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Key storylines to follow at the U.S. Olympic Gymnastics Trials

Key storylines to follow at the U.S. Olympic Gymnastics Trials
Posted at 1:15 PM, Jun 22, 2021
and last updated 2021-06-23 13:35:35-04

The U.S. Olympic Gymnastics Trials begin Thursday in St. Louis. At the end of the day on Saturday for the men and Sunday for the women, the four-person squads for the Tokyo team event will be named, as well as an additional specialist on each side. The top two finishers in the all-around competition automatically qualify for Tokyo for the women -- and for the men, too, provided the runner-up finishes in the top three on three of the six apparatuses. The third and fourth team members will be selected by committee.

The women have two additional individual spots, but Jade Carey has already secured one for herself, and one will be selected by committee. The men have one additional individual spot to fill. 

Here's a look at the three biggest storylines to follow:

Simone vs. herself

Barring disaster, there’s no question as to who will win the women’s meet. Simone Biles has competed twice in the last month -- her first two contests since the 2019 World Championships -- and blew away the field in both. Her degree of difficulty, coupled with her relentless ability to execute under pressure, is simply untouchable in most cases. At the U.S. Classic, Biles debuted a Yurchenko double pike vault, never before attempted by a woman in competition. She didn’t perform that vault at the U.S. Championships two weeks ago, but it could return in St. Louis as Biles aims to perfect it ahead of Tokyo. Even without all of her hardest skills, Biles won a historic seventh all-around national title by nearly five points.

Asked about her motivation in April, Biles said: "It's more stressful whenever I go out and compete because I’m trying to be better than I was at the last meet. ... I’m trying to beat myself."

Biles added that she sometimes wonders if she can still outdo herself. "Sometimes you get caught up in the moment and it's just scary because I go out and I'm like, 'Can I do it again? Can I be this good?'" she said.

SEE MORE: How to watch the U.S. Olympic Gymnastics Trials

Full women's team is too close to call

Four women will end up on the Tokyo all-around team, but the race for the fourth team spot is very much up in the air. Jordan Chiles, Biles’ teammate at the World Champions Centre, has had a breakout 2021. She won the Winter Cup in February, then took second at the U.S. Classic and third at Nationals and is now expected to end up on the Tokyo team. Three-time 2019 World Championships medalist Sunisa Lee, the only gymnast other than Biles to win an individual title at Nationals, is also a strong candidate to be picked or automatically qualify. Outside of those three, it’s anyone's game: at the U.S. Championships, the fourth- through ninth-place finishers were separated by less than a point.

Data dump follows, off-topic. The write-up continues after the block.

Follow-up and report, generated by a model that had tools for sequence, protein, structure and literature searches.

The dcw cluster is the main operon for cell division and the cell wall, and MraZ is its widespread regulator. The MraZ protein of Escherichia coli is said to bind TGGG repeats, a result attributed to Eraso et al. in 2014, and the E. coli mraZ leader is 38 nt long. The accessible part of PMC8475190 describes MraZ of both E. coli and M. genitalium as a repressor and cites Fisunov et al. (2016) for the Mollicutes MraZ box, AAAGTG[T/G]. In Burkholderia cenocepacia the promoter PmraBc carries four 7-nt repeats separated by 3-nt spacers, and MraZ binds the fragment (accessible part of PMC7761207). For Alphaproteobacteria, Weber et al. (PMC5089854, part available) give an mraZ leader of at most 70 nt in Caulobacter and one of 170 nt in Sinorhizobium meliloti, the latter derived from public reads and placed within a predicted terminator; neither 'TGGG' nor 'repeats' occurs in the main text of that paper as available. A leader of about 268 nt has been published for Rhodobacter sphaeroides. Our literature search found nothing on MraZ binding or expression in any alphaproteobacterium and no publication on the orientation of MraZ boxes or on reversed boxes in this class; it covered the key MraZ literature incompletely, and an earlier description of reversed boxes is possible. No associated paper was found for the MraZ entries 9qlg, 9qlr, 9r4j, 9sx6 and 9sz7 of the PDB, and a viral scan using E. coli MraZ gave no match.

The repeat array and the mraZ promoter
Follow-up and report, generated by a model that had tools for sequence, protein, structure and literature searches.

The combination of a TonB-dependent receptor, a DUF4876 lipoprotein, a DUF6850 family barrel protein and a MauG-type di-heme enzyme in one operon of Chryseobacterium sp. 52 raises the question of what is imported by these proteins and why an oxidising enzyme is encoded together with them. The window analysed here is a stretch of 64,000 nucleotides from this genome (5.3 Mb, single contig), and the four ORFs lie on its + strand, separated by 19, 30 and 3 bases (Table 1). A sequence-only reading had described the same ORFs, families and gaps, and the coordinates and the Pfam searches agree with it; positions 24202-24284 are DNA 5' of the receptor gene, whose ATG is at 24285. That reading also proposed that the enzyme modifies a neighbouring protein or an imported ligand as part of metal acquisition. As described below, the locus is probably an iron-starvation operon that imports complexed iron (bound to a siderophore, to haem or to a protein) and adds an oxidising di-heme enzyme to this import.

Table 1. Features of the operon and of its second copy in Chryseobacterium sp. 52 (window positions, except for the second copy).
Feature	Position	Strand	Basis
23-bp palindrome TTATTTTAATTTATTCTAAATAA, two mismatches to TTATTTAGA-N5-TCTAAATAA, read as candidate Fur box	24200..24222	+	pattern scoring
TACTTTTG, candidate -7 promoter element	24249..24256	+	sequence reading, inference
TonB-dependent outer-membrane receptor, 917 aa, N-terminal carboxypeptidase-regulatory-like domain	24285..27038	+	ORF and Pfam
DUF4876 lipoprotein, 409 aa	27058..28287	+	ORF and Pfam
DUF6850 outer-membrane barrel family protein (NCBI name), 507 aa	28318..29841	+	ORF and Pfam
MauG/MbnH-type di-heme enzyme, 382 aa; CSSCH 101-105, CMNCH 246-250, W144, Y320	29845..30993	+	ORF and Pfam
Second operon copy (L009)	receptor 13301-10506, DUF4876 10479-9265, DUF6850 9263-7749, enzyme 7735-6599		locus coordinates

One woman, however, is likely out of the running for a team berth: Jade Carey. Carey qualified for the Games as an individual before emerging as a potential team contender. After she finished sixth at Nationals, debate arose as to what would happen if she put up a stronger finish at Trials (chaos, potentially, if she were to be in the top two), but Carey somewhat quashed the speculation last week by saying she has "every intention" of accepting the individual spot.

Changing of the guard on the men’s side

Two-time Olympian Sam Mikulak, 28, is retiring after Tokyo -- a decision he made during the COVID-19 pandemic because of his mental and physical health -- so Trials will be his last domestic meet. The six-time all-around national champion struggled on the opening day of the U.S. Championships, but ended up third overall after a stellar second day. It was only the second time since 2013 that he didn’t win the all-around title, however, and the first when he competed on every apparatus. In his stead, Stanford standout Brody Malone took the crown and is expected to be the frontrunner to make the Olympic Team. Malone is a two-time NCAA all-around champion but has yet to compete on a senior-level international team.

“I’m just glad that there’s someone to fill my shoes when I’m gone — and overstep me right now,” Mikulak said after Nationals. “My goal is just to make the [Olympic] team. I know I’m not at my best, and I’m just trying to keep up with him.”

While Mikulak should still make team, he would be joined by a number of Olympic newcomers that might include 2017 U.S. all-around champion Yul Moldauer, 2019 World Championships team member Shane Wiskus, or Akash Modi, the 2016 Olympic alternate trying to make his first team outright at age 26.